There was a superintendent of the Proviso Township High Schools, and there have been a good many of them over recent years, who confided to a local newspaper that all would be well in these failed public high schools if only 300 students could be permanently expelled.
You bet, we were told, it would be a dandy public high school if only 10 percent of the student body were turned out onto the street, left to their own devices. We mentioned it would be something less than a public school if administrators got to cherry pick who could attend. The superintendent agreed, acknowledging it was a fantasy.
But judging by the way discipline was dished out at Proviso East in the following years it was more reality than fantasy. The district did not permanently expel endless numbers of students but in the 2016 school year it did pass out 648 suspensions. Some of those were in-school suspensions, some out-of-school suspensions. Any way you parse those numbers, it reflected full failure in this district.
Now things have changed markedly and for the better. In the school year that ended in the spring, just 249 suspensions were issued at East. That is a 62 percent decline.
It doesn’t mean there wasn’t bad behavior. It doesn’t mean there weren’t consequences. It does mean the entire approach to teaching our young people how to behave shifted from purely punitive to what has come to be called, a little grandly, restorative justice. Mainly it means creating new mechanisms, from teacher training to adding “interventionists,” which bring students who are acting out to account for those actions — mainly disruption, profanity, verbal fights. This process brings two students shouting down the hallway directly into a process of talking it through, of peer counseling.
Tossing students who are not succeeding out on the street did not ever result in a better outcome. Created more isolation and less accountability.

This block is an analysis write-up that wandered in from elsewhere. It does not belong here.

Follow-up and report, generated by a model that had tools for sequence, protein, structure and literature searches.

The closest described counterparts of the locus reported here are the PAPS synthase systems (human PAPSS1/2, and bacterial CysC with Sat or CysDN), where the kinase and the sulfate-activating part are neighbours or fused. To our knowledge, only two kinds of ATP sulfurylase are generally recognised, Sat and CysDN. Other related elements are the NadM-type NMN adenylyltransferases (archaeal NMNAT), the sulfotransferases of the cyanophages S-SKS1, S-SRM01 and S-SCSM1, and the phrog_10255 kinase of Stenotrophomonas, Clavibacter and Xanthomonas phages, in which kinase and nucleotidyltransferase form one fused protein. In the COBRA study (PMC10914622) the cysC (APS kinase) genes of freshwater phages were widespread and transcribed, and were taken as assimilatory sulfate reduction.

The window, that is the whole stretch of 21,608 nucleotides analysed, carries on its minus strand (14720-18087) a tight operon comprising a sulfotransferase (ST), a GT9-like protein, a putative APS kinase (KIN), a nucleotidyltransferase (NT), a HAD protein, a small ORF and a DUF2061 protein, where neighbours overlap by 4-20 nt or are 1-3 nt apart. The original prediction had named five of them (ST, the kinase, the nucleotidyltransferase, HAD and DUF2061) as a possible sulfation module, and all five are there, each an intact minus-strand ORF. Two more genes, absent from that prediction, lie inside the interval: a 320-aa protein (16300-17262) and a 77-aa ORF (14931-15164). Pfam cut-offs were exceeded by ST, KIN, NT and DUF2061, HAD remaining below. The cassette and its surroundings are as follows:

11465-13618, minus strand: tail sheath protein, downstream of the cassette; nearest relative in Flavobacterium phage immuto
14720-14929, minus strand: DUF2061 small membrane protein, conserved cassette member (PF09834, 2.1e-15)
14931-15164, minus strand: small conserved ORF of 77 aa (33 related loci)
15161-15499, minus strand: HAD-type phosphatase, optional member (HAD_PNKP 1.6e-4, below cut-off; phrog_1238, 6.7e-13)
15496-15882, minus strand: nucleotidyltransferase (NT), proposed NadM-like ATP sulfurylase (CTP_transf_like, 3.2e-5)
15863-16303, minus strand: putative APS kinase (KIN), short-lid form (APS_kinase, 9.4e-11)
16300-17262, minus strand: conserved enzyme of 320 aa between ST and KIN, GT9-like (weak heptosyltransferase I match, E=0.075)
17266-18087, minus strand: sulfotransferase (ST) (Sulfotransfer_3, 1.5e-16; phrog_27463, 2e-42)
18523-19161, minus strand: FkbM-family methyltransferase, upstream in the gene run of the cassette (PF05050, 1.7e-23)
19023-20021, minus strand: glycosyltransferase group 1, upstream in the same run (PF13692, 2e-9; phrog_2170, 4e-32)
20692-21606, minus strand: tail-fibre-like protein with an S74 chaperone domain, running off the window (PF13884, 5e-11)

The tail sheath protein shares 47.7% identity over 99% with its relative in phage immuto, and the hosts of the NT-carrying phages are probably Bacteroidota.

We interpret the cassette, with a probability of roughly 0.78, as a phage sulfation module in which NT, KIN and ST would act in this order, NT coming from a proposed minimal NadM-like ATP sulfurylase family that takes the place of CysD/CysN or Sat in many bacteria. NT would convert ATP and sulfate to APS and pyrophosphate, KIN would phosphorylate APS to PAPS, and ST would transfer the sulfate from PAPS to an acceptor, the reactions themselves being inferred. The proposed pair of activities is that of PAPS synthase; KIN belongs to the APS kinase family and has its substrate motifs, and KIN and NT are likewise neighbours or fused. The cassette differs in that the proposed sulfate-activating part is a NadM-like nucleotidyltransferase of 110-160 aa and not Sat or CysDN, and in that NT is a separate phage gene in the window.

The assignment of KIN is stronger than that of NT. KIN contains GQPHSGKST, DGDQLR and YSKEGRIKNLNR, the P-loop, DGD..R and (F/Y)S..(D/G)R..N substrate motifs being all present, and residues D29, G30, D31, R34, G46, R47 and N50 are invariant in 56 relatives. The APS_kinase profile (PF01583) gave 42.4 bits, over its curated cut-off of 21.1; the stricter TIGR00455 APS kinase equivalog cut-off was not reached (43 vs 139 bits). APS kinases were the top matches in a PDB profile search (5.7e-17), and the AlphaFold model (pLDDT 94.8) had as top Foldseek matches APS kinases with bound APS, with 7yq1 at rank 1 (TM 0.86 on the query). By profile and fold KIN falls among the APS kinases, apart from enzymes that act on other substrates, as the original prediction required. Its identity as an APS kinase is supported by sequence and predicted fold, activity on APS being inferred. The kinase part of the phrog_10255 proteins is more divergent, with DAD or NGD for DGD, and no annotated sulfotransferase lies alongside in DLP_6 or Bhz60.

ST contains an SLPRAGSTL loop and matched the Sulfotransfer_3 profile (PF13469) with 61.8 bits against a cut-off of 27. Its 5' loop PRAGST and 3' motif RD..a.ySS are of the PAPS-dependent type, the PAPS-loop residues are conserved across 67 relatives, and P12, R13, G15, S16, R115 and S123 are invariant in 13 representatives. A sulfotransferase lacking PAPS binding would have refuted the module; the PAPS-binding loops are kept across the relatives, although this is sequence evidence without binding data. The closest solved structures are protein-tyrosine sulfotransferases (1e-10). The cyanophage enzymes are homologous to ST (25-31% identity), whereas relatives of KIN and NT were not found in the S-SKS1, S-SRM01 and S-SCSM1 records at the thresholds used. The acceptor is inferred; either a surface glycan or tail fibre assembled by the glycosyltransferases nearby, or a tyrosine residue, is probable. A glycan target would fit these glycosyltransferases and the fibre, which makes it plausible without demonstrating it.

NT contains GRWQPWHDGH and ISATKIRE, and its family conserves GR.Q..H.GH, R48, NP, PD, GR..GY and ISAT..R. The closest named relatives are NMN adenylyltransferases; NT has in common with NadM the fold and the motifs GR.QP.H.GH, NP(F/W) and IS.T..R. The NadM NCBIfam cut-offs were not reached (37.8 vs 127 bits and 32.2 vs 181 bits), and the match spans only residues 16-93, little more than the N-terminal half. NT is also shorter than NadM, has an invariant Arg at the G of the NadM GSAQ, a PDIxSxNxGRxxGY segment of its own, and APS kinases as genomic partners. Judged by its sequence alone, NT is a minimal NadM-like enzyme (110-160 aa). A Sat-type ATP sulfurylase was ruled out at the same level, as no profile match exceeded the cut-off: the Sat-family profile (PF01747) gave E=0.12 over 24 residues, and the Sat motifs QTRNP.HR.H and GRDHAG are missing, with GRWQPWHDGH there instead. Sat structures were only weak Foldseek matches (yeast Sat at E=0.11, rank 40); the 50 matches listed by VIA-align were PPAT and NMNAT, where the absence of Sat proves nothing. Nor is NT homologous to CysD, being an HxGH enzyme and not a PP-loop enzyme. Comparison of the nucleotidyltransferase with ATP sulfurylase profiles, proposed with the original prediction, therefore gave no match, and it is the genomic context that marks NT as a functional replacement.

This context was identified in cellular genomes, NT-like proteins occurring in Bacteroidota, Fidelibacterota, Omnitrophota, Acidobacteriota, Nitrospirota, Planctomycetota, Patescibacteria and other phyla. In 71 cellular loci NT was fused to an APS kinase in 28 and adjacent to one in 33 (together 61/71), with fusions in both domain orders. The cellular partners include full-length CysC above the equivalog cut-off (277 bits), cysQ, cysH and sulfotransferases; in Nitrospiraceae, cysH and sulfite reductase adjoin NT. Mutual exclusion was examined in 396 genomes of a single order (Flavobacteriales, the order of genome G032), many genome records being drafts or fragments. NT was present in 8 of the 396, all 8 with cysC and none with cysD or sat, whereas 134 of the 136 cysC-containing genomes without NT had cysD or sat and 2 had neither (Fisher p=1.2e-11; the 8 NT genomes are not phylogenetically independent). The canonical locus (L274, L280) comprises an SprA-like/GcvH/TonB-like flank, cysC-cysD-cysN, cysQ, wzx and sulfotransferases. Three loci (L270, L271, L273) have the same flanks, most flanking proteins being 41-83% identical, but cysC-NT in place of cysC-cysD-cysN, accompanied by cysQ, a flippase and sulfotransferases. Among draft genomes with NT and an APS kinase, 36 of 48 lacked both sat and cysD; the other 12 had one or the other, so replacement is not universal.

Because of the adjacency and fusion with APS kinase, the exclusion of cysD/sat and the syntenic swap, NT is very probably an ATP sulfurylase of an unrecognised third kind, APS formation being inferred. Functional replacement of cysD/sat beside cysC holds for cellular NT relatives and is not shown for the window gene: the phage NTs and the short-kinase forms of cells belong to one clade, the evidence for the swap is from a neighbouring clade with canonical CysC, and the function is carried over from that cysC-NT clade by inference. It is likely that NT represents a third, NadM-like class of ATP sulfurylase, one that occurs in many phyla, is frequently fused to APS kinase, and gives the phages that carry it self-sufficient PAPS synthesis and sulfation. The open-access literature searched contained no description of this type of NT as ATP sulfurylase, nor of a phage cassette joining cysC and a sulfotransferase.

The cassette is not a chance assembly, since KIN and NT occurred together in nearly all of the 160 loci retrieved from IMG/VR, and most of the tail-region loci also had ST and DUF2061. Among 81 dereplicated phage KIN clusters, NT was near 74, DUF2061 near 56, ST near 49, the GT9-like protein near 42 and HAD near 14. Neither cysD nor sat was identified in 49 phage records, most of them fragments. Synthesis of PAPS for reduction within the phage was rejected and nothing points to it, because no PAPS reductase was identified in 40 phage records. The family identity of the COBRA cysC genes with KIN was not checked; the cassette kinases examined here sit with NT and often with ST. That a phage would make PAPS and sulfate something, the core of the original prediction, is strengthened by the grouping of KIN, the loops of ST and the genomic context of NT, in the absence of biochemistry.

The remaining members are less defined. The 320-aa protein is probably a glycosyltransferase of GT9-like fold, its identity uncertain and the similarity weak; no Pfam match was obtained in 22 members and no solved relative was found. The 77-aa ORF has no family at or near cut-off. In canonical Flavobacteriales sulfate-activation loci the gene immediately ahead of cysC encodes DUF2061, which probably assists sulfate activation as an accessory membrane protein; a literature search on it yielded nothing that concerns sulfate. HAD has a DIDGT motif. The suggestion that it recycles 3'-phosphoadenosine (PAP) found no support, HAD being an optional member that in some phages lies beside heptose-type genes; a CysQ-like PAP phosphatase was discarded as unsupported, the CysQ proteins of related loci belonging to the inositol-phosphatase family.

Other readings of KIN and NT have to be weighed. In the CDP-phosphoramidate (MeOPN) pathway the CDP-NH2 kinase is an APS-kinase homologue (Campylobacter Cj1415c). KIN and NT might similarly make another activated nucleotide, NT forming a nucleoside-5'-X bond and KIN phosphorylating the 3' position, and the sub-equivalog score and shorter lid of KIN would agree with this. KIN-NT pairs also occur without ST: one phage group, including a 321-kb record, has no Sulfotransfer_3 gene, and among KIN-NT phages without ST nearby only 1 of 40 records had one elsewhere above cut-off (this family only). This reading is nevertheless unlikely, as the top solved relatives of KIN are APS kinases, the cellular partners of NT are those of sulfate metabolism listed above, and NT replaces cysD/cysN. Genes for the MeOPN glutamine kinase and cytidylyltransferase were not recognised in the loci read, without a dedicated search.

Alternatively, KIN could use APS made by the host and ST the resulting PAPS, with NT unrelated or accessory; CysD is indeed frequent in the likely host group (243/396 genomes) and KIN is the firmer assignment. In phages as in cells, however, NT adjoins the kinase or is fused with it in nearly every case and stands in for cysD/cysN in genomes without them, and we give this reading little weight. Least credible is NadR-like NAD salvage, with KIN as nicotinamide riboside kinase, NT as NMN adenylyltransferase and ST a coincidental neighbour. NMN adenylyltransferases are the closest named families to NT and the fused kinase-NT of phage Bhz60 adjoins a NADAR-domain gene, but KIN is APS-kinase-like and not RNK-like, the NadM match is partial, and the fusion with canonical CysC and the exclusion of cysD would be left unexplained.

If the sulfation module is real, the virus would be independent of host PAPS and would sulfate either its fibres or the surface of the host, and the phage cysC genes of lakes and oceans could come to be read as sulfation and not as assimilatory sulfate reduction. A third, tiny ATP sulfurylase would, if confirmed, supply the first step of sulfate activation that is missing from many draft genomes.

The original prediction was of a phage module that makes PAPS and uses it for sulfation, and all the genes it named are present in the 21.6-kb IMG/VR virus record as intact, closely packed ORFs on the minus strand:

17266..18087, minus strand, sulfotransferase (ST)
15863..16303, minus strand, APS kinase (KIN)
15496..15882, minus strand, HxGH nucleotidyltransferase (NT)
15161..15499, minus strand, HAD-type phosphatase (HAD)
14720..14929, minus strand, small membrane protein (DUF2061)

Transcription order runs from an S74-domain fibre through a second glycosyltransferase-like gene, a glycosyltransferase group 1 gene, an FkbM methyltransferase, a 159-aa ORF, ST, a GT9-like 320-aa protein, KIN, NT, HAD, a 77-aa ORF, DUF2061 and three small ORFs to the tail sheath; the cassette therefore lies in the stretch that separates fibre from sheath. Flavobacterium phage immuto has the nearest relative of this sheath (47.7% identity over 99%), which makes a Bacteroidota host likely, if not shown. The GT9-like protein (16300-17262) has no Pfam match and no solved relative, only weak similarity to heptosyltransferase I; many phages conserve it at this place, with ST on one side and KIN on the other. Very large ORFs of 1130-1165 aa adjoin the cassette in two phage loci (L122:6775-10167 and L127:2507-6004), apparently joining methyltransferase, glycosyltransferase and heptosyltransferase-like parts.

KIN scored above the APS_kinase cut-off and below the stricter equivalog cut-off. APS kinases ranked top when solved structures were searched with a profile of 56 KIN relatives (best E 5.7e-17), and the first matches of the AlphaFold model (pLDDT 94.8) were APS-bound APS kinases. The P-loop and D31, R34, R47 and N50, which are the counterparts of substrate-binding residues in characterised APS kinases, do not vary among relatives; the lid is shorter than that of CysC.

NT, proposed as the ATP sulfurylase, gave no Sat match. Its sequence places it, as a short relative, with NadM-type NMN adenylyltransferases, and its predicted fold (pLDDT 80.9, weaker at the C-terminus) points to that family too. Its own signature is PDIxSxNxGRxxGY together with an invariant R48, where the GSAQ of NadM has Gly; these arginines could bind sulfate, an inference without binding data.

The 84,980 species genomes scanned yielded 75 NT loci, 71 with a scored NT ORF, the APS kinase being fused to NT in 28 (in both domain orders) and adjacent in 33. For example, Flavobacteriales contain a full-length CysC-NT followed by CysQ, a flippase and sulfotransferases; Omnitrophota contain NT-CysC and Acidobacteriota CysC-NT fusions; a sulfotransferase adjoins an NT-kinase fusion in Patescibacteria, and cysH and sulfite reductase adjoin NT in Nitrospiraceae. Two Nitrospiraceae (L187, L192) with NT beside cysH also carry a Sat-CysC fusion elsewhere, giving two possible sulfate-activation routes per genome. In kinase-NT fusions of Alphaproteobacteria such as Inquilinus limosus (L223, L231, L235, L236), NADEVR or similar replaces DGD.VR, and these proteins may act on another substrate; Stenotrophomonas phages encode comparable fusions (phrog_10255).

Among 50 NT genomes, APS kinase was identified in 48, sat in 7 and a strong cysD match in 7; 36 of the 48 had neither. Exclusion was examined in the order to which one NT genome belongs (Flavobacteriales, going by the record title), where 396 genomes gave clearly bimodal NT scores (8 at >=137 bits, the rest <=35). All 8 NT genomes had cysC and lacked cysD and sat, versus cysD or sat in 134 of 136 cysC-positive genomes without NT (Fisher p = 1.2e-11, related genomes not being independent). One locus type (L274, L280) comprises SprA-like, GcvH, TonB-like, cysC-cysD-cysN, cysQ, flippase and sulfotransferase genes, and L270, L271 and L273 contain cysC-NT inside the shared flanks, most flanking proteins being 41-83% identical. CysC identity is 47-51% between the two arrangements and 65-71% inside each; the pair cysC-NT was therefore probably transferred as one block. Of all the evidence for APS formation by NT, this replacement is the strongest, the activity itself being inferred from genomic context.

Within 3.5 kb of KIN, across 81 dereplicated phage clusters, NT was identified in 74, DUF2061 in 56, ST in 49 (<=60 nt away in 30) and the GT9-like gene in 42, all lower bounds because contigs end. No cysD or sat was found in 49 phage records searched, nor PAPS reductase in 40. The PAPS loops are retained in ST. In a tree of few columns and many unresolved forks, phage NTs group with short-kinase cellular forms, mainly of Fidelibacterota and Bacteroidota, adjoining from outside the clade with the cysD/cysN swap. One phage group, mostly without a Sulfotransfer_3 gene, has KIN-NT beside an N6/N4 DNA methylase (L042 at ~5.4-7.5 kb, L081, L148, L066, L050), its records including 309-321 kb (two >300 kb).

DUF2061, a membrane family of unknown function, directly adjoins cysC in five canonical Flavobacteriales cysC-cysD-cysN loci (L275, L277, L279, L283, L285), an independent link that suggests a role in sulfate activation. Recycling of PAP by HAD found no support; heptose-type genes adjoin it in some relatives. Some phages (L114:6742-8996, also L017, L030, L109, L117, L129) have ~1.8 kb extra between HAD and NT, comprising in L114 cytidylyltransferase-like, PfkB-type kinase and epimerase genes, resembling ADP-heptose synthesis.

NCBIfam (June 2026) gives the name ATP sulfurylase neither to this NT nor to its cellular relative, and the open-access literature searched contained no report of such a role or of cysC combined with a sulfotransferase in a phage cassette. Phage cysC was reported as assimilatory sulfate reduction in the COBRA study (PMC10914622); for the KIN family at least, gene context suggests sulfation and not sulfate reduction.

Who do we have to thank for this? Well, not surprisingly, Kimberly Lightford, our local state senator, drove statewide change on school suspensions. She forced every school district in the state to radically shift its discipline model. And at Proviso high schools the statewide change synced up with a new school board and administration that saw the damage its archaic discipline system was creating.
The village treasurer
Who knew? Forest Park has a village treasurer.
And now, following the recent death of the beloved Andy Collis, it has a new village treasurer. Turns out Collis, who everyone thought the world of, has been the treasurer of our small burg for decades. He collected a very modest stipend and we suppose he signed some papers now and again.
Now Forest Park has a new village treasurer, duly appointed by the village council on Aug. 27. Her name is Georgia Rombakis Tsaganos. Most people paying attention to social media will know her simply as Gia Rombakis. A teacher the past several years, Rombakis Tsaganos will also, we’re confident, be an able signer of papers.
We remain uncertain why Forest Park has a village treasurer, why it’s not the village’s finance director or the village clerk. Life is full of mysteries.